Issue Date: October 31, 2016
In 2014, Rockefeller University chemist Sean Brady got an out-of-the-blue e-mail from the Bill & Melinda Gates Foundation. The nonprofit wanted to discuss how his work on the tuberculosis treatment rifamycin overlapped with the foundation’s activities with the neglected disease.
Six months, a research grant, and a lunch meeting with Bill Gates later, Brady found himself talking to the foundation about starting a company. “When it became clear that the work was successful in short order, we wanted to support his entrepreneurial spirit,” says Charlotte Hubbert, a member of the Gates Foundation’s program-related investments team.
Brady, who had already started engaging venture capital firms, was intrigued by the idea of starting a company with the dual purpose of tackling neglected diseases and those with more commercial potential.
By January 2016, Lodo Therapeutics was born. Launched with $17 million in funding from the Gates Foundation and the life sciences investment firm Accelerator, Lodo takes a fresh approach to natural products drug discovery. Whereas traditional natural product researchers go back to the lab to coax bacteria into giving up their druglike molecules, Brady’s team forgoes that cultural persuasion. Instead, Lodo searches deep inside gene sequences from bacteria plucked directly from the soil to find clusters that encode for promising molecules.
Lodo will first focus on natural products with known biological activity and well-defined liabilities—safety issues, potency problems, and bacterial resistance. The technology allows Lodo’s research team to look for relatives of those natural products with structural differences that overcome the flaws.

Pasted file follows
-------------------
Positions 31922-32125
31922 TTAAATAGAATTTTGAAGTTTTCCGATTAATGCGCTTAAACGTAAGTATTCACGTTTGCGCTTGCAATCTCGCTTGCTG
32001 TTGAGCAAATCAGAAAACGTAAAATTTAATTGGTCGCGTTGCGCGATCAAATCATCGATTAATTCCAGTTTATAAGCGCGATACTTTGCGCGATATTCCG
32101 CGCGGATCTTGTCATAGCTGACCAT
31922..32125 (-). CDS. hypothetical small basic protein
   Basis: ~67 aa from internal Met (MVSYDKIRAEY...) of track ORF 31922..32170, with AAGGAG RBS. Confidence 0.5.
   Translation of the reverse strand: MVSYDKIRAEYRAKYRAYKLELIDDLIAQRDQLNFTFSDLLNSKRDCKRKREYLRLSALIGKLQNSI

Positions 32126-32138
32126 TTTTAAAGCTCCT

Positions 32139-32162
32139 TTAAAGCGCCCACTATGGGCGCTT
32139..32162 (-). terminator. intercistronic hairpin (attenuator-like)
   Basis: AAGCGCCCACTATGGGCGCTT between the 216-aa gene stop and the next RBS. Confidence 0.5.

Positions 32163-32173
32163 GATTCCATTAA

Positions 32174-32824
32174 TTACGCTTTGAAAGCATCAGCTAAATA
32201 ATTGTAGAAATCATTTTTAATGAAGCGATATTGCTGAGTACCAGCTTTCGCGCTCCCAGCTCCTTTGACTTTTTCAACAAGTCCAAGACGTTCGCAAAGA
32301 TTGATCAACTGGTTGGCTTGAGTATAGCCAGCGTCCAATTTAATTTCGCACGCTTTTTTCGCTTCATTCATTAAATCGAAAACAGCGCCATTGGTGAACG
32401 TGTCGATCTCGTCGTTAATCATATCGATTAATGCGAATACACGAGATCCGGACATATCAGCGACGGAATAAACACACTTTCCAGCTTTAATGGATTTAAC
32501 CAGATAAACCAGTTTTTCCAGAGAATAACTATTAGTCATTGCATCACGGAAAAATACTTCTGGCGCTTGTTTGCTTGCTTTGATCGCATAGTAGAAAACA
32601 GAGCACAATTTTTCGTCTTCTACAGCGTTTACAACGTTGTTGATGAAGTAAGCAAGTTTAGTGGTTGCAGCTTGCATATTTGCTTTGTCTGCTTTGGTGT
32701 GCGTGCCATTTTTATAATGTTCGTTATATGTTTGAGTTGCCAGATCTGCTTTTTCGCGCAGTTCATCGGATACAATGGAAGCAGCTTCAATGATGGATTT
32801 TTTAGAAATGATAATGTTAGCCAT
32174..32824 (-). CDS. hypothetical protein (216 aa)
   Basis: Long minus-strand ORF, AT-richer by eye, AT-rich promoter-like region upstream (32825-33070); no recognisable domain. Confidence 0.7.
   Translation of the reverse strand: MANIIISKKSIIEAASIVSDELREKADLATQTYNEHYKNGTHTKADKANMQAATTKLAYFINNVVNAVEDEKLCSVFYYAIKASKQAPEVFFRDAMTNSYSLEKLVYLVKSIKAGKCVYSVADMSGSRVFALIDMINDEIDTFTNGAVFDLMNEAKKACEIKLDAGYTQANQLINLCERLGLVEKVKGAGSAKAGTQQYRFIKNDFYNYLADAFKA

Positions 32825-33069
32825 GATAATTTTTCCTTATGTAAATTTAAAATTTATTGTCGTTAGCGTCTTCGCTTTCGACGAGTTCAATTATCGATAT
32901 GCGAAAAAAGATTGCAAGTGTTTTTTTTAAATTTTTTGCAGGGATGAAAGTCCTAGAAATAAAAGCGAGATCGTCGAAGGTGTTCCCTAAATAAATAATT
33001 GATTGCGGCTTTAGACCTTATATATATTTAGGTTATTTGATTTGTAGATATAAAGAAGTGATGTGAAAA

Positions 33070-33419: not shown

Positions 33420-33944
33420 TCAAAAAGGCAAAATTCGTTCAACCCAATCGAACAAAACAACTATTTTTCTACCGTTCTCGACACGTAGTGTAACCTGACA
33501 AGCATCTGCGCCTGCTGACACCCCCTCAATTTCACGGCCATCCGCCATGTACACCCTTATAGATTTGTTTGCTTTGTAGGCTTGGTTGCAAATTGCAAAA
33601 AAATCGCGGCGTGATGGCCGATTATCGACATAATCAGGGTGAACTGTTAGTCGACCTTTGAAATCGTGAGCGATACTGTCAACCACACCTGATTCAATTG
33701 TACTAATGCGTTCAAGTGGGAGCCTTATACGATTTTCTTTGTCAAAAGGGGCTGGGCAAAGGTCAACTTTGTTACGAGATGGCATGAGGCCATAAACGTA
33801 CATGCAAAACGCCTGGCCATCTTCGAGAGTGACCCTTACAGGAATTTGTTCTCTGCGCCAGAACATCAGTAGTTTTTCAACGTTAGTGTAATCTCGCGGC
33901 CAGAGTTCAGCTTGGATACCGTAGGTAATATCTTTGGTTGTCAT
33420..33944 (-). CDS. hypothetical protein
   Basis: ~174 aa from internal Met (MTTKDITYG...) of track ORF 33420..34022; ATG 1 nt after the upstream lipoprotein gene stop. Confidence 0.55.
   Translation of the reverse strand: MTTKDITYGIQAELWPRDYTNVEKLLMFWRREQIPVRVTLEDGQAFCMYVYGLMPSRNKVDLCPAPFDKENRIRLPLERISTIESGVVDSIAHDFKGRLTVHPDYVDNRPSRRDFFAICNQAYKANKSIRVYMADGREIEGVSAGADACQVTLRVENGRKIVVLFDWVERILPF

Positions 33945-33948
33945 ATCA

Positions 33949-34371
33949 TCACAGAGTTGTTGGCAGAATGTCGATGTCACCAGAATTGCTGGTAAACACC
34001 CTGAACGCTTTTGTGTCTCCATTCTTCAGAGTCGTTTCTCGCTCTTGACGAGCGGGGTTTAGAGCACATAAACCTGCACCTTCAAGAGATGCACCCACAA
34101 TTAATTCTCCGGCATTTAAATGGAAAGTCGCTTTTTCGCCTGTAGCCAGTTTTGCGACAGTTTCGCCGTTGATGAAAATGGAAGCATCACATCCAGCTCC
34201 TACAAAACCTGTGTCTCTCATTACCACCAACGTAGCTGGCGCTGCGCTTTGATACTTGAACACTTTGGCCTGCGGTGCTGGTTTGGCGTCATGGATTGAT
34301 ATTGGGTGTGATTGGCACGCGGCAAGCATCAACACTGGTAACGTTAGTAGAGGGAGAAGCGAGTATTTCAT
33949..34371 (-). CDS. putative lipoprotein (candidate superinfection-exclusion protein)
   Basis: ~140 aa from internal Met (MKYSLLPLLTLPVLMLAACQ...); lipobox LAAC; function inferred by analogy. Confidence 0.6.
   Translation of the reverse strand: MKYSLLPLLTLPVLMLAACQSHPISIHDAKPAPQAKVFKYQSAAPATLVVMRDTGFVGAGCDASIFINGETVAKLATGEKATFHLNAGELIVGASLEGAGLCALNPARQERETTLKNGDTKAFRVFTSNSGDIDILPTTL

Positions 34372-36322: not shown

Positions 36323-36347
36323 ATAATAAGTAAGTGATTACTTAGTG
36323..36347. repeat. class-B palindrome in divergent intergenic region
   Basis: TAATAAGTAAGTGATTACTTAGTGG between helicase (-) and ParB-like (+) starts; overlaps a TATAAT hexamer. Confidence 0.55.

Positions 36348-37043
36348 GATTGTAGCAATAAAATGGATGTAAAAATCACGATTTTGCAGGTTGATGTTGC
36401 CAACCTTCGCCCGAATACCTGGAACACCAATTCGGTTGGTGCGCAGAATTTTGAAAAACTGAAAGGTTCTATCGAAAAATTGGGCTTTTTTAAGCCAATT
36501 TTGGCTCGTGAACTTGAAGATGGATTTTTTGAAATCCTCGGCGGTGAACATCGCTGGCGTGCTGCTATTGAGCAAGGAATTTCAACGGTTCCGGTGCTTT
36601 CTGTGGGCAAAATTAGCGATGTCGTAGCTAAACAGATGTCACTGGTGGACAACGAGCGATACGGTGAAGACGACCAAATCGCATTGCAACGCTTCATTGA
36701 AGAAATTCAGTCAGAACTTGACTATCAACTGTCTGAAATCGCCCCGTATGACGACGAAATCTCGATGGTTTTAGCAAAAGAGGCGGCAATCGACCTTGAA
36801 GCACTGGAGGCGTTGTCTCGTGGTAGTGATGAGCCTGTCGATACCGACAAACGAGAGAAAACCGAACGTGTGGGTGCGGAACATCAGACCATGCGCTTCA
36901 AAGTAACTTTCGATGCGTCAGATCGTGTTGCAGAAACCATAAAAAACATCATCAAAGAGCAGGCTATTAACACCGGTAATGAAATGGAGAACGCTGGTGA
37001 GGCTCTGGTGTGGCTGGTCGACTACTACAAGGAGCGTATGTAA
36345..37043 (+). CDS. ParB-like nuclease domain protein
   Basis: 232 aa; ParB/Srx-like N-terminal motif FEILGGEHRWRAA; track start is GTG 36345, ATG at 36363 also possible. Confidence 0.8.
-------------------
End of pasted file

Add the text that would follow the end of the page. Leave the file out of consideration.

Like most traditional drug discovery campaigns, the process begins with studying the crystal structure of a natural product bound to its target to identify areas on the molecule that need tweaking. Only instead of a heading to the medicinal chemistry lab to work up derivatives, Lodo scientists identify the genetic sequence that encodes for the problematic parts of the molecule and search for naturally occurring variants across soil sample sequences.
Once promising “hits” have been identified—the platform typically yields a dozen or so genetic variants—their gene sequences are dropped into a model organism that can express the improved natural product. That sounds simple, but “it’s not straightforward right now to make molecule after molecule after molecule,” says Lodo’s chief scientific officer, David Pompliano. One of the first goals of the company’s modest R&D team is to industrialize the molecule generation process.
Lodo isn’t the only biotech trying to mine bacterial genomes for novel natural products. Notably, Warp Drive Bio has been using the strategy for several years. But Lodo believes it is the only firm using uncultured bacteria—the gene sequences are pulled directly out of a pile of dirt—rather than cultured bacteria.
The first project for Pompliano and the three other scientists on staff will be to search for analogs of natural products that are known to be active against infection-causing Gram-negative bacteria but have complex structures that would be inaccessible to chemists.
Beyond infectious disease, Pompliano says, the Lodo team is interested in oncology and the microbiome. The contribution from the Gates Foundation means that the firm is also committed to finding drugs for neglected diseases such as tuberculosis.
“We think there’s a lot of hidden gems out there that have the proper intrinsic activity,” Pompliano says, “and just need to be tuned up.”
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